I hope Lisa changes her mind and I won’t have to deal with it.




May 8

Not the greatest Mother’s Day ever.

I’d told Mom a while ago that I’d make dinner and she decided to invite Mrs. Nesbitt. I can’t say I was surprised, but I figured if Mom was having Mrs. Nesbitt over I could ask Megan and her mom, too. Only when Jonny found out it was going to be me and Mom and Mrs. Nesbitt and Megan and Mrs. Wayne, he said that was too many females in one room for him and he was going to have dinner at Tim’s instead.

Mom always thinks it’s a good idea for Jonny to spend time with Tim and his family because there are three boys and Tim’s father is around a lot. She said if it was okay with Tim’s folks it was okay with her.

I called Megan and told her to bring her history notes with her and we’d study for the test together, and she agreed.

Which is why I’m so mad at her. If she hadn’t said yes, it would be one thing. But she did and I made enough meatloaf for five and salad and then right before I started setting the table, Megan called and said she had decided to stay on at her church and do something with the youth group. She’d gotten the dates mixed up. And her mother didn’t feel like coming without her, so it was going to be two less for Sunday dinner and she hoped I didn’t mind.

Well, I do mind. I mind because I’d been looking forward to all of us having dinner together and to studying with Megan. I also figured Mrs. Nesbitt and Mrs. Wayne would be good people for Mom to talk to about Lisa’s baby. Mom may not be best friends with Mrs. Wayne, but she’s funny and she would have gotten Mom laughing.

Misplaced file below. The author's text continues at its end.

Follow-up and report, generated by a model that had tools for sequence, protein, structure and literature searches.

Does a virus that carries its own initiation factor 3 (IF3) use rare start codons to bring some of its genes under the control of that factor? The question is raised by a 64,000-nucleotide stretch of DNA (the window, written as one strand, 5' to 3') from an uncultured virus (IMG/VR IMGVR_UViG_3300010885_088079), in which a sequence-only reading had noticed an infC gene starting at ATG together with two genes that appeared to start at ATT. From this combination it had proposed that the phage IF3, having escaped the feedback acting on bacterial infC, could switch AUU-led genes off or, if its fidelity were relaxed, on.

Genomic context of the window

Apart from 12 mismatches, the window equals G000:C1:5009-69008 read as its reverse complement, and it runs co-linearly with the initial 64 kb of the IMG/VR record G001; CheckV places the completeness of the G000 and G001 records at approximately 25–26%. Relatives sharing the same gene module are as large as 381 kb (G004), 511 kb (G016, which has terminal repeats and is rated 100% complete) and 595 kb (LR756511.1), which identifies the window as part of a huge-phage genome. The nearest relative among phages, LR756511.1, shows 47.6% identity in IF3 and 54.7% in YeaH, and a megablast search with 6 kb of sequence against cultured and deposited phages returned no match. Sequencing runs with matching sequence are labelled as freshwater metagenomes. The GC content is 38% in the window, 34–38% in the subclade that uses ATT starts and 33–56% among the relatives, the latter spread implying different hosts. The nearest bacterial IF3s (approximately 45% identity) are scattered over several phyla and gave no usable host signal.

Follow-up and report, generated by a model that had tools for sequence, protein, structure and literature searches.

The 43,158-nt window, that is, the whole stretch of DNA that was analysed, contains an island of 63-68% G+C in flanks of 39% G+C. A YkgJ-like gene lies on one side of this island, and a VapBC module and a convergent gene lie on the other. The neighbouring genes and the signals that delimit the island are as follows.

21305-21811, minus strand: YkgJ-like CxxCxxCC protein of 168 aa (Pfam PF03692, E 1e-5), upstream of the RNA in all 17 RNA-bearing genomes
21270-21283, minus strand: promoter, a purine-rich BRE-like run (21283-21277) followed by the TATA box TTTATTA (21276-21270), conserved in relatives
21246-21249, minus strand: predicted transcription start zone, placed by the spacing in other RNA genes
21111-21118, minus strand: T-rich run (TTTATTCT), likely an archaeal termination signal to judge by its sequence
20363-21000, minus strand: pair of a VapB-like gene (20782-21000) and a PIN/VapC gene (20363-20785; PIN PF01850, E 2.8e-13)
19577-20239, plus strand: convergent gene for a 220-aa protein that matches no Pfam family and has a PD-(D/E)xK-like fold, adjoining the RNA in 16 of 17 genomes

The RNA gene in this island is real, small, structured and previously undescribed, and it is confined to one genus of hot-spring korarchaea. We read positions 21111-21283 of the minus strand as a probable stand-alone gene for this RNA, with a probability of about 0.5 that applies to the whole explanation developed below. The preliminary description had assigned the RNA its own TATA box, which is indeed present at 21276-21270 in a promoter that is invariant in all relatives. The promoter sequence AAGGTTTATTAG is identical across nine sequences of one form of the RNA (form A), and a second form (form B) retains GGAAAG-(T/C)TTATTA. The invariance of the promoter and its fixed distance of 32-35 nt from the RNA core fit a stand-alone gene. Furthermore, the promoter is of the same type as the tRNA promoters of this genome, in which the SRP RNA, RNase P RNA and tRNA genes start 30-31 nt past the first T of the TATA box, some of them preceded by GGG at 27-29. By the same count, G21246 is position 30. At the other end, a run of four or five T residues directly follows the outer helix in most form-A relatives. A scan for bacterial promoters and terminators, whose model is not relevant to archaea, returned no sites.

Megan is spending so much time at her church. She goes to services every Sunday and she never used to and she does stuff with the youth group at least twice a week and sometimes more and for all her talking about how she’s found God, I think all she’s found is Reverend Marshall. She talks about him like he’s a movie star. I even told her that once and she said that’s how I talk about Brandon, like it was the same thing, which it isn’t at all. Lots of people think Brandon is the best skater in the U.S. right now and besides it isn’t like I talk about him all the time and act like he’s my salvation.

Dinner was okay except I overcooked the meatloaf so it was a little dry. But Mrs. Nesbitt’s never been shy with the ketchup bottle. After a while I left her and Mom alone and I guess they talked about Lisa and the baby.

I wish it was summer already. I can’t wait to get my driver’s license.

I also wish I was through studying for my history exam. BORING!

But I’d better get back to it. Bad grades, no license. The Rules According to Mom.




May 11

Got a 92 on the history test. I should have done better.

Mom took Horton to the vet. He’s fine. I worry a little bit about him now that he’s ten. How long do cats live?

Sammi told me she’s going to the prom with Bob Patterson. I know I shouldn’t be jealous but I am, not because I like Bob (actually I think he’s kind of creepy), but because nobody asked me. Sometimes I think no one ever will. I’ll spend the rest of my life sitting in front of my computer, posting messages about Brandon Erlich and his future in figure skating.

I told Megan about Sammi and how she always gets dates and she said, “Well, the reason is there’s always a man in Samantha,” and after I got over being shocked I laughed. But then Megan spoiled it by becoming that new preachy Megan and she went on about how sex before marriage is a sin and how you shouldn’t date just to go out with guys but because you were serious about making a lifetime commitment.

I’m 16 years old. Let me get my learner’s permit first. Then I’ll worry about lifetime commitments.




May 12

I went to bed in a bad mood and today everything just went worse.